School-choice supporters prevail in runoff
August 24, 2022
School-choice supporters continued to prevail in the Aug. 23 runoff elections with the most-high profile victory occurring in the race for the Republican nomination for state superintendent of public instruction.
Ryan Walters, a teacher who serves as Gov. Kevin Stitt’s cabinet secretary of education, prevailed over April Grace, the superintendent of Shawnee Public Schools. He will next face Democratic nominee Jena Nelson in November’s general election.
Stitt called Walters’ win “a huge victory for parents and kids.”
“People spoke all over the state that they want parents to have more choice in their education system,” Stitt said. “We want to be top 10 in everything that we do and I’m telling you, for the next four years with this guy as state superintendent of education, we are going to go to the top.”
Walters ran as an unabashed supporter of allowing taxpayer money to follow the child to any school and allowing parents to determine what school best fits their child’s needs.
“The way I grew up was that the family are the people that know best for kids, and they have to be as included in the educational system as best as possible,” Walters said in his victory speech. “And the way that you do that is through school choice. What we’ve seen tonight is a mandate from Oklahoma voters. Governor Stitt’s education vision and school choice is going to happen in the state of Oklahoma.”
Walters had a strong showing statewide, winning in rural, suburban, and urban areas alike. Overall, he carried 40 counties and in a 41st county—Johnston—the two candidates tied.
In those areas where Grace received majority support in the two-way race, the margin of victory was extremely narrow in a significant share of counties. In Pawnee County, just nine votes separated the two candidates. In Cimarron County, the margin was only 13 votes. The margin was similar in several other counties carried by Grace: Dewey County (22 votes), Grady County (24 votes), Greer County (27 votes), and Murray County (24 votes).
Because she is the superintendent of Shawnee Public Schools, Pottawatomie County was expected to be a base of support for Grace. But she received less than 41 percent of the vote in Pottawatomie County while Walters received more than 59 percent.
The story was different for Walters, who grew up in Pittsburg County and previously taught school for eight years at McAlester High School, where he became an Oklahoma Teacher of the Year Finalist in 2016. Unofficial results show Walters easily carried his home county.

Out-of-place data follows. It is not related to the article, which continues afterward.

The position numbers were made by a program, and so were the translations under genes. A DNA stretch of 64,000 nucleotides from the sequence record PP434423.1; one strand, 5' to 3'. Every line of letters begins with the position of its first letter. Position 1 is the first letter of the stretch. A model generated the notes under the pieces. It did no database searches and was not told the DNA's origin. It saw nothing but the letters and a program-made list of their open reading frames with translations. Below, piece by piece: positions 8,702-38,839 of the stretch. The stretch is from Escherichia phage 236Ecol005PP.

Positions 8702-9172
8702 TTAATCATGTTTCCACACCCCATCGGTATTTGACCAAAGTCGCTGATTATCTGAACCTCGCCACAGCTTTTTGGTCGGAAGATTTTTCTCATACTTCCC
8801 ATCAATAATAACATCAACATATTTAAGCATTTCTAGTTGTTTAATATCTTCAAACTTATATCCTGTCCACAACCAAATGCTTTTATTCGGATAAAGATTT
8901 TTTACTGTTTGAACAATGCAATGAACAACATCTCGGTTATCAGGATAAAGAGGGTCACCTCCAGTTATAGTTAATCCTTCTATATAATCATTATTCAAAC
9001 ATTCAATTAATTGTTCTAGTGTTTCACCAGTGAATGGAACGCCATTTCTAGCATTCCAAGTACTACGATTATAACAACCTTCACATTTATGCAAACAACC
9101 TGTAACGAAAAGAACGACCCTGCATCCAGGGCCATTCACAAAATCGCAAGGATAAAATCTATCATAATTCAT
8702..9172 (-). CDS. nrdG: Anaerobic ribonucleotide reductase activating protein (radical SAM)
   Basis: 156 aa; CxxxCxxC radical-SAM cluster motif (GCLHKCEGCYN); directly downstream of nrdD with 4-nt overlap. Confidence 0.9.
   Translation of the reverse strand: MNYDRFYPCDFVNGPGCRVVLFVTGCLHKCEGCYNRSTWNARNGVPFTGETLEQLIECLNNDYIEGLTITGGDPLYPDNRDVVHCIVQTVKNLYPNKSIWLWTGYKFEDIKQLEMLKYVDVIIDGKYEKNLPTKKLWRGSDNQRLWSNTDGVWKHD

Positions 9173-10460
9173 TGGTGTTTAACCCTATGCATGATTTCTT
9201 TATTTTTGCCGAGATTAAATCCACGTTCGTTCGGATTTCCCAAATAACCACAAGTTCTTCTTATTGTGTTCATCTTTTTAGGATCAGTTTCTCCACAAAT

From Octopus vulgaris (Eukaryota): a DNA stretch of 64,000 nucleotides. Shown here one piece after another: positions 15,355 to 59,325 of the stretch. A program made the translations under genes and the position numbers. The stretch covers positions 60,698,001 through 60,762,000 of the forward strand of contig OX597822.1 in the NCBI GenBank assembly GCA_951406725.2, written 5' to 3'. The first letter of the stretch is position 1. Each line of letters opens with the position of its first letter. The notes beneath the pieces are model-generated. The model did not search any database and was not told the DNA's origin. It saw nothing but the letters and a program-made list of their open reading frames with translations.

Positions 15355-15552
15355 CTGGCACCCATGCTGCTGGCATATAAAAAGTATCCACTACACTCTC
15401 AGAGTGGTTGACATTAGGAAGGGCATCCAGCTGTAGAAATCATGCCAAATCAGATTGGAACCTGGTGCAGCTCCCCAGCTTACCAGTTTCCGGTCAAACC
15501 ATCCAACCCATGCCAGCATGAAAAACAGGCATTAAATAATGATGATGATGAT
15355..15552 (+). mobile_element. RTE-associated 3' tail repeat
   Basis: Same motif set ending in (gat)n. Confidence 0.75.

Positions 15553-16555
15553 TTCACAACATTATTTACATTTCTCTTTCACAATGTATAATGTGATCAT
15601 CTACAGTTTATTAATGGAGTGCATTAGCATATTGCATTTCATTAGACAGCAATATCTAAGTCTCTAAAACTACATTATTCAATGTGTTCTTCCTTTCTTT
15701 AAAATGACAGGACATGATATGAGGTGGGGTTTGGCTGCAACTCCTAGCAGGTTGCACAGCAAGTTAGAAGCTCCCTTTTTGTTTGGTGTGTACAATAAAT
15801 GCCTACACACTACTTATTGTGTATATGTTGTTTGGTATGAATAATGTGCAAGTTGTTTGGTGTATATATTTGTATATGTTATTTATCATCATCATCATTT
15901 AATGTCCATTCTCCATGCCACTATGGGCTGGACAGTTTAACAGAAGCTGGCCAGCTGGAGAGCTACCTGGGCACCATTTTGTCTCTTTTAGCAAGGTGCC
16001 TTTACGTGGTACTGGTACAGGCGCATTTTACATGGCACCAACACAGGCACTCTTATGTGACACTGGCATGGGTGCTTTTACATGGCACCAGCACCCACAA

Oklahoma Ethics Commission records show that Grace’s campaign received thousands of dollars in campaign funding from the National Education Association’s “Fund for Children and Public Education.” The union has also sought to influence Oklahoma legislative races this year through donations made by its state affiliate, the Oklahoma Education Association. Campaign-contribution reports show the union helped bankroll the campaigns of state Reps. Rhonda Baker, R-Yukon; Mark McBride, R-Moore; Anthony Moore, R-Clinton; and state Sen. Brenda Stanley, R-Midwest City.
Walters said he and Stitt, who also championed school choice and easily prevailed over three challengers in his June primary, will fight for parents, not unions.
“We are going to reject calls from the teachers’ union to push woke, left-wing indoctrination in our schools, and we’re going to ensure that our students have the best academic experience possible,” Walters said. “Teachers’ unions and special interests don’t represent Oklahomans. The people who represent Oklahomans are parents, are grandparents, are communities that want the best education for their kids. And what you’re going to continue to hear from me and from the governor is we’re going to speak on behalf of those parents. We are going to champion every child as an individual capable of greatness if they are given high expectations and given a good academic experience. And we are not going to stop until Oklahoma is a leader in education and every child has every opportunity at success.”
Stitt and Walters are not the only instances in which school-choice supporters have prevailed in state primaries this year.